Audi's TFSI Supercharged V-6 Wins 5th Best Engine Award |


Published on November 15th, 2014 | by Daniel Sherman Fernandez


Audi’s TFSI Supercharged V-6 Wins 5th Best Engine Award


It’s hard to believe this 3.0L engine with no major changes or upgrades since its introduction in 2010 has just taken its fifth straight Ward’s 10 Best Engines trophy for 2014.

“No rivals have come along that can match the 3.0L’s silkiness, its lively tip-in, its daily drivability, its gratifying torque at every engine speed,” they say. “In other words, it’s still a benchmark.” Comments on their 2014 evaluation score sheets included: “One of the best high-performance V-6s ever,” “the best engine I’ve ever encountered,” and simply, “amazing!”

As tested in a ’14 S5 3.0 TFSI Quattro coupe, it delivers an impressive 333 horses at 5,500 rpm, 441 Nm of torque between 2,900 and 4,500 rpm and (according to Audi) impressive 4.9-sec. 0-60 mph acceleration.

The old V-8 it replaced for 2010 was less quick (typically 5-plus sec. 0-60 mph) and a lot less fuel efficient, so this supercharged 6-banger was a win-win on both fronts.


While a turbocharger uses hot exhaust gas to spin a turbine that pumps more air into an engine, allowing it to burn more fuel and boost performance, a supercharger uses an engine-driven compressor. Generally more compact and less complex than a turbocharger, it provides instantaneous response but has the efficiency disadvantage of spinning at all engine speeds.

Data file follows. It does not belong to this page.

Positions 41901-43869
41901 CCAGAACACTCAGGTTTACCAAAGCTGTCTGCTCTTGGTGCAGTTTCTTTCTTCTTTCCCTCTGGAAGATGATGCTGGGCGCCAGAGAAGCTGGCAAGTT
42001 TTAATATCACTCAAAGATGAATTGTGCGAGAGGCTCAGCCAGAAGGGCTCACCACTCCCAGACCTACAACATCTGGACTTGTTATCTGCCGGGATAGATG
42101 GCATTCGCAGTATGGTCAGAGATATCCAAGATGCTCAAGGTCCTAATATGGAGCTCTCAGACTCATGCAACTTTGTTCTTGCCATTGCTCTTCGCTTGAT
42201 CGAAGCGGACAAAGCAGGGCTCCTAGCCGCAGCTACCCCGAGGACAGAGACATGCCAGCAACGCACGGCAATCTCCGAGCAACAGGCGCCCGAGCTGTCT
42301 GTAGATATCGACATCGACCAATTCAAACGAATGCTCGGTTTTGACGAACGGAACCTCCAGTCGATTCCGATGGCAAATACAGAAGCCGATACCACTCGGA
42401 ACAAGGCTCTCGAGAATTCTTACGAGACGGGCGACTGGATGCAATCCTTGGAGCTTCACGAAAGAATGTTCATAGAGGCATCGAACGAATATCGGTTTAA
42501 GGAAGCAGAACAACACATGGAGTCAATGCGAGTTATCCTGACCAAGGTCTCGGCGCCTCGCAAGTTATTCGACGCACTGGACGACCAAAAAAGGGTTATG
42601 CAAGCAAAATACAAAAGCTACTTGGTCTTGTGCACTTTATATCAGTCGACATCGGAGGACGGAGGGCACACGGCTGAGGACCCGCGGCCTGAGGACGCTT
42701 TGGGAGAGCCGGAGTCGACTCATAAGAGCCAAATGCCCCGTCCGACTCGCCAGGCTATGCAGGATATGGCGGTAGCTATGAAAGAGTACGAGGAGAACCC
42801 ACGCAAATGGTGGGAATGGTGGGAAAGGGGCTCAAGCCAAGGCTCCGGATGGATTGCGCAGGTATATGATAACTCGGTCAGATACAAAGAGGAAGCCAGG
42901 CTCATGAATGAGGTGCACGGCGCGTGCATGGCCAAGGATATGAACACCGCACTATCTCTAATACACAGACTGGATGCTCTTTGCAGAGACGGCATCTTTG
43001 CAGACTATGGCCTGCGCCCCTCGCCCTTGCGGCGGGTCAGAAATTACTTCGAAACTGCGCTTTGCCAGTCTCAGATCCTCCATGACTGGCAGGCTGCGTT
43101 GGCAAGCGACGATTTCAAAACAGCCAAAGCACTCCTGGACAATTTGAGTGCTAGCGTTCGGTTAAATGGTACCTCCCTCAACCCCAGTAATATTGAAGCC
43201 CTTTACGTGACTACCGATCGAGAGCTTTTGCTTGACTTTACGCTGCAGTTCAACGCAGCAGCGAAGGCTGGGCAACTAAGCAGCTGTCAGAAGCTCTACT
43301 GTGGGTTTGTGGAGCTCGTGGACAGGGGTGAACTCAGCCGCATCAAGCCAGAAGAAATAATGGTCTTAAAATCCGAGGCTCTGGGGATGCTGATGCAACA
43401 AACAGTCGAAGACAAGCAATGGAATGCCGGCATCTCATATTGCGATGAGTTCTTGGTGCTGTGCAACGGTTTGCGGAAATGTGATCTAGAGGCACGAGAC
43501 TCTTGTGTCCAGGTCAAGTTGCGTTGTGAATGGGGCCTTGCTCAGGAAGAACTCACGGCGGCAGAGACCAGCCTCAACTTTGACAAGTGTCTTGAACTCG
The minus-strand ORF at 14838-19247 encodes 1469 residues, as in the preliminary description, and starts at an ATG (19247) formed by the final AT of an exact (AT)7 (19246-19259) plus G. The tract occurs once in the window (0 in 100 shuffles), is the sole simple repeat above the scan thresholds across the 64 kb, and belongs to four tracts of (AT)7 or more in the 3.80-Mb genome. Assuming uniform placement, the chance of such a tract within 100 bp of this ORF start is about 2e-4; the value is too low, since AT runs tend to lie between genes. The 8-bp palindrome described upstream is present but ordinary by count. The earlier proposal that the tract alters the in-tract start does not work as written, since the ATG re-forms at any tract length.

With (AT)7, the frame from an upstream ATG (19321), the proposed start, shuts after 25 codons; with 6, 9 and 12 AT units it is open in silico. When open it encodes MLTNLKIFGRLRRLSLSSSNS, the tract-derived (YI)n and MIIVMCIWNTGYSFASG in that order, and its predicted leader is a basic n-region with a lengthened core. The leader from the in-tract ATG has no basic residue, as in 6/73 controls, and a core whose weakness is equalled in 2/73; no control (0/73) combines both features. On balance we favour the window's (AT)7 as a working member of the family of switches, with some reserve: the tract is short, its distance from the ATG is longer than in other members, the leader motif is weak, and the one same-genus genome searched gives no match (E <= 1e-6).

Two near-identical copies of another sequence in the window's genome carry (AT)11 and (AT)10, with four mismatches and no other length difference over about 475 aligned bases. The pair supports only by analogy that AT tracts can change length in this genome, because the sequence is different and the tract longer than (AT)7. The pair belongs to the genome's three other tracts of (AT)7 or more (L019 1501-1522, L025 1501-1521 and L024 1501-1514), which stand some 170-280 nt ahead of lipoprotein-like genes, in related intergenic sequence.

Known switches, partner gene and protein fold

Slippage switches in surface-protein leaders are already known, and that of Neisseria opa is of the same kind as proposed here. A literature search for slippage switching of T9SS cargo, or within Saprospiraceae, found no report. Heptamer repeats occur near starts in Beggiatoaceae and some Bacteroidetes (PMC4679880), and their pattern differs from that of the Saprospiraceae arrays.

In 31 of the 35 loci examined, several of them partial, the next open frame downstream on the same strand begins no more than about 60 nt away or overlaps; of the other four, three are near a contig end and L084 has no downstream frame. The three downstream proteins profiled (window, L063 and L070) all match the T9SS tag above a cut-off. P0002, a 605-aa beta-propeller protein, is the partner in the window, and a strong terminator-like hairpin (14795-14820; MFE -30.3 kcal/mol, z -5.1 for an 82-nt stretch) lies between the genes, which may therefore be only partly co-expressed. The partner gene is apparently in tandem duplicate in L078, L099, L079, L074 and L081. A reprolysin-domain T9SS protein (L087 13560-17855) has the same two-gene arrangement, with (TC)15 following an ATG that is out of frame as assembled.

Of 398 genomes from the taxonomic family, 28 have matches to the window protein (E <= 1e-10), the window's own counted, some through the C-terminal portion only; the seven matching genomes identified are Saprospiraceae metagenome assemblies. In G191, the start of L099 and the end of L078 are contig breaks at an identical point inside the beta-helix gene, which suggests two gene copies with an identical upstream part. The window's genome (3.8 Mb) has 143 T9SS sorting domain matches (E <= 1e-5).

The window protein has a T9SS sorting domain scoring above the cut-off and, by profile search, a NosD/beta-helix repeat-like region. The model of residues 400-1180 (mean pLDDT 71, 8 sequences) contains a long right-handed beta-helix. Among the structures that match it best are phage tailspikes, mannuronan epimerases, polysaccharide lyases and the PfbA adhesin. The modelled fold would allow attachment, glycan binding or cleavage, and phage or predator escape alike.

Based on an older 3.2L naturally aspirated V-6, this engine was substantially re-engineered to handle much higher output while increasing its efficiency.  Enhancements include a pressure- and volumetric flow-controlled oil pump, a reduced-friction chain drive and lower-friction piston rings.

Beyond strong acceleration and refinement, its primary design objective was to be versatile enough for use in nearly any Audi model. After testing twin-turbocharger and supercharged versions, Audi engineers decided on the latter for its better launch performance and compactness. Working with supplier Eaton engineers, they wedged it neatly into the 90-degree V of the cylinder banks.

Beyond compactness, it also requires few changes for different applications. It can operate happily with both manual and automatic transmissions, as well as with Audi Quattro all-wheel drive, and handle high towing loads in the Q7. And it does all this while meeting both U.S. ULEV2 and European EU5 emissions standards.

Surprisingly, it was planned as a small-volume engine for high-performance compact S4s and S5s. Now it is Audi’s only V-6 available in midrange A6s and A7s, the flagship A8 sedan and Q5, SQ5 and Q7 CUVs. It’s also used throughout the VW Group for hybrid versions of VW’s Touareg and Porsche’s Cayenne and Panamera.

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